Rookie Scouting Portfolio contributor David Igono showcases the anticipation of Iowa quarterback and NFL Draft prospect Nathan Stanley.
Arm talent seemingly gets all the ink as we approach draft season for quarterback prospects. Whether a quarterback has an adequate arm or a “cannon”, the conversation around a prospect usually focuses on purported arm strength.
Arm strength can be negated or amplified by the speed of thought. Speed of thought paired with confidence presents a problem for any defense to contain—anticipation. Savvy quarterback play is often predicated by manipulating coverage.
Oftentimes the best way to find holes in coverage is to work quickly. A quarterback who can quickly process a defense and identify the quickest way to get the ball out of his hands gives his offense an opportunity to stay on schedule and move the ball downfield.
Nathan Stanley of Iowa has baseline athleticism and his arm talent appears to be adequate. Where he excels is the ability to anticipate, confidently attacking the “uncertainty” before an intended target is open. In the following clip, Stanley is able to make a potentially dangerous throw seem routine via placement and thinking a step ahead of the coverage.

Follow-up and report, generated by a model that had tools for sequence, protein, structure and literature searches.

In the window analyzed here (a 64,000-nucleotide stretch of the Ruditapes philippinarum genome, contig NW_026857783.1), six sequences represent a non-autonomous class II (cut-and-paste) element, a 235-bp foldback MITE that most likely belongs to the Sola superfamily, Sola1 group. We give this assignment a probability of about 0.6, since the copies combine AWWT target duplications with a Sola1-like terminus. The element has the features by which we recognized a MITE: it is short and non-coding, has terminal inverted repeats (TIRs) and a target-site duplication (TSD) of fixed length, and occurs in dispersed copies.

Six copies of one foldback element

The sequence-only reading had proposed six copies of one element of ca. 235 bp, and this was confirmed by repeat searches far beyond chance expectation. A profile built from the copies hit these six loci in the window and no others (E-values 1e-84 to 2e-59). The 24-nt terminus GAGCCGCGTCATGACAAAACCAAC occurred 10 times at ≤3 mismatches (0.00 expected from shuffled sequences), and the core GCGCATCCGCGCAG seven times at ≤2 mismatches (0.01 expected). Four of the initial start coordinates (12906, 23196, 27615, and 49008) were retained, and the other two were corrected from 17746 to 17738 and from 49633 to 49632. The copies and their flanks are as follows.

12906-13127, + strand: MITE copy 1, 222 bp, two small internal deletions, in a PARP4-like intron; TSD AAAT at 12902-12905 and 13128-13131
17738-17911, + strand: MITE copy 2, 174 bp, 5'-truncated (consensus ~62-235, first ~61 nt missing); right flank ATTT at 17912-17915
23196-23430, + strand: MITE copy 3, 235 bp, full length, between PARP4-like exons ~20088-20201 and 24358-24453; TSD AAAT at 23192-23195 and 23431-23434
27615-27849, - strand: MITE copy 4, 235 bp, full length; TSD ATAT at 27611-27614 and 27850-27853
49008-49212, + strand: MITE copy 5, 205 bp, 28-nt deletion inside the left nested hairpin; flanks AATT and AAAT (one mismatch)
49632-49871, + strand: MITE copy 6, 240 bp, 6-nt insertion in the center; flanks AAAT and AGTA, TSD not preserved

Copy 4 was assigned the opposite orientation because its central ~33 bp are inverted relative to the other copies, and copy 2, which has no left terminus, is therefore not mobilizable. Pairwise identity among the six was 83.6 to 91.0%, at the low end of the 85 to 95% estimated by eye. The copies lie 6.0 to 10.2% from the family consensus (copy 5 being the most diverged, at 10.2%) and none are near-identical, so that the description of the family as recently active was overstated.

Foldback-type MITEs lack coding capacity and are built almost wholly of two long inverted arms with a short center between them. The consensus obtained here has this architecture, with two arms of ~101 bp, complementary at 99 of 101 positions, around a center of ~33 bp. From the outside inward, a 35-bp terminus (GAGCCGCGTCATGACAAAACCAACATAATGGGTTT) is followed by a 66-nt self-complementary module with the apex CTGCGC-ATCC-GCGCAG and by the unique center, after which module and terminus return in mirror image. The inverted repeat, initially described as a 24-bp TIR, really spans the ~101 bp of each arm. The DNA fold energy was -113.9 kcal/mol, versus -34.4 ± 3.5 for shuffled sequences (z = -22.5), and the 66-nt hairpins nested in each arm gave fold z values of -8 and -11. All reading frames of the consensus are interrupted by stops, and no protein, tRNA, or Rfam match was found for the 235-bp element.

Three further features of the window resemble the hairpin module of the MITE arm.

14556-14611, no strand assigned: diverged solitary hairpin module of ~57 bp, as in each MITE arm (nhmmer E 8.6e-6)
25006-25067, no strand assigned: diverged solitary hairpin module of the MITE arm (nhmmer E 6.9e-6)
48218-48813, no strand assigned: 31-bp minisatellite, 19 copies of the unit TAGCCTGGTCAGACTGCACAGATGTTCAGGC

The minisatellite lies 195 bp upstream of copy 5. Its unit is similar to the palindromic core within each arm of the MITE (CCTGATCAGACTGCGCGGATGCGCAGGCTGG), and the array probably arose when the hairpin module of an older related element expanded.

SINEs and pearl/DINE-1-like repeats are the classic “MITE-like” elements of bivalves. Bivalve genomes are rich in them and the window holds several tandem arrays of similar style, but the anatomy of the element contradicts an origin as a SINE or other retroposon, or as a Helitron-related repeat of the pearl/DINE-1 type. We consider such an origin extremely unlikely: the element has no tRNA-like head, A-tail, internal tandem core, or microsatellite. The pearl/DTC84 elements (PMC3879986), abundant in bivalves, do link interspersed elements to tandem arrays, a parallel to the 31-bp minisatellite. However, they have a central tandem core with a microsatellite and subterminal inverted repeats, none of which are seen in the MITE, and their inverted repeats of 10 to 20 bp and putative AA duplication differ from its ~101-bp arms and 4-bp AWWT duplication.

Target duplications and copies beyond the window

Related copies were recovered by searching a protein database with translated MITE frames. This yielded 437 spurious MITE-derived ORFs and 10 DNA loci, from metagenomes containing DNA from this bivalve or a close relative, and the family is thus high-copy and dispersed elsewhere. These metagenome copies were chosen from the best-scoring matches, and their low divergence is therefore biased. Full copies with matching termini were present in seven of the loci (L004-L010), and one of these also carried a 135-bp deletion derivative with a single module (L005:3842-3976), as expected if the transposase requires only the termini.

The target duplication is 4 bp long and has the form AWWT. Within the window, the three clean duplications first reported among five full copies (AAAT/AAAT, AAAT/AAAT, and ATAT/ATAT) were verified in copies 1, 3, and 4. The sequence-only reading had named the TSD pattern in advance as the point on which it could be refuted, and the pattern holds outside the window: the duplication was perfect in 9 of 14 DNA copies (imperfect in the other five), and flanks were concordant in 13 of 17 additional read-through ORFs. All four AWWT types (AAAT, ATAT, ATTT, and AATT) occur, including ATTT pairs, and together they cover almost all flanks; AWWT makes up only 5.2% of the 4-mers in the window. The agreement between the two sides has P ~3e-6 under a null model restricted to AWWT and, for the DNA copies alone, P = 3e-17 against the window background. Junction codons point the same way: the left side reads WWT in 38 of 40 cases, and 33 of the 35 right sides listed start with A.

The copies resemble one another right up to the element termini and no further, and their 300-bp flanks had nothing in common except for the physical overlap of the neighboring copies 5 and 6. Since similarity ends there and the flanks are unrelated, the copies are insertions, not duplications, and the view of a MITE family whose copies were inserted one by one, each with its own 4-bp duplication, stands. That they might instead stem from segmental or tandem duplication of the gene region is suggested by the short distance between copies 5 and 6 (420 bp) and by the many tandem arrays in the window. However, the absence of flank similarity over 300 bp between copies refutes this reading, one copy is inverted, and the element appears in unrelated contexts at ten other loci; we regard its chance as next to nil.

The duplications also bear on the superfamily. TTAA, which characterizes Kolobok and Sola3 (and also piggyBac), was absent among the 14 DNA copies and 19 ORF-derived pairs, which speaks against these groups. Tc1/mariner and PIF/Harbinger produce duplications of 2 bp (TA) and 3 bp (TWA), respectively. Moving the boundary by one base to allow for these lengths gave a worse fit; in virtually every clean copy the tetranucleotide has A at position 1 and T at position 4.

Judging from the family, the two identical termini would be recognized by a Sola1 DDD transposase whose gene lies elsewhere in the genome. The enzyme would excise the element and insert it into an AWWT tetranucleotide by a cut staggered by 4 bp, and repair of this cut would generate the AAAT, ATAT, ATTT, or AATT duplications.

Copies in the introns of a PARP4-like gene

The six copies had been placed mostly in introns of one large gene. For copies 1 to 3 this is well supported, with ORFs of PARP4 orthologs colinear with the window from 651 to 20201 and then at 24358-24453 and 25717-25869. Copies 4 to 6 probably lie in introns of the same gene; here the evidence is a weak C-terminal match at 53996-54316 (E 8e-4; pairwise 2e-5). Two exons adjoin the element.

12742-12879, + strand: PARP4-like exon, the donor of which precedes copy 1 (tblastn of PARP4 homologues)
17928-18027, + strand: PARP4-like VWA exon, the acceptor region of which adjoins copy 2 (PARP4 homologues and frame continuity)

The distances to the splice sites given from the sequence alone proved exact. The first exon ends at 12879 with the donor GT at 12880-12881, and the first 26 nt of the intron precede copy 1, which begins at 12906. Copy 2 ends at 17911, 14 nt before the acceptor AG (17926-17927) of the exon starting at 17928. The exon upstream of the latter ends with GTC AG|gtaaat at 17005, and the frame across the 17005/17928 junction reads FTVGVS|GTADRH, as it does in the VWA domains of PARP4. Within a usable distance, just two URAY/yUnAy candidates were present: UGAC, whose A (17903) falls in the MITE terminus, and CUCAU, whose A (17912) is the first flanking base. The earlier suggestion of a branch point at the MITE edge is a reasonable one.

The ensuing clip is an illustration of Stanley’s confidence. To heave a lob to a spot where you expect your receiver to be with two defenders in the equation is nothing short of conviction in one’s ability.
Red-zone decision making often exposes a prospect’s ability to measure space and danger quickly. Savvy quarterback play in the red zone is deft. Stanley is quick, skillful and neat in the next clip knowing that the sooner he releases the ball, the better the end result.
The ability to deduce time and space is a skill. It’s one thing to throw a 50-50 ball and a completely different proposition to throw a pass before a target even comes out of his break. Stanley’s ability to think steps ahead is an asset to an offense, even if it’s not flashy. In this last clip, Stanley uses the lack of space in the end zone to make a high-speed decision for the touchdown.
How a quarterback attacks a defense is just as important as whatever athletic traits he brings to the table. The requisite skills such as arm strength and ability to read coverage must be intact. However, many quarterbacks such as Jake Delhomme, Kurt Warner, Chad Pennington and even more recently Nick Mullens have been able to leverage every drop of the “limited” athleticism they have by unleashing their minds on defenses via anticipation, angles, and timing to dismantle coverages. Stanley has plenty of work to do to be in that conversation but the early signs are promising.
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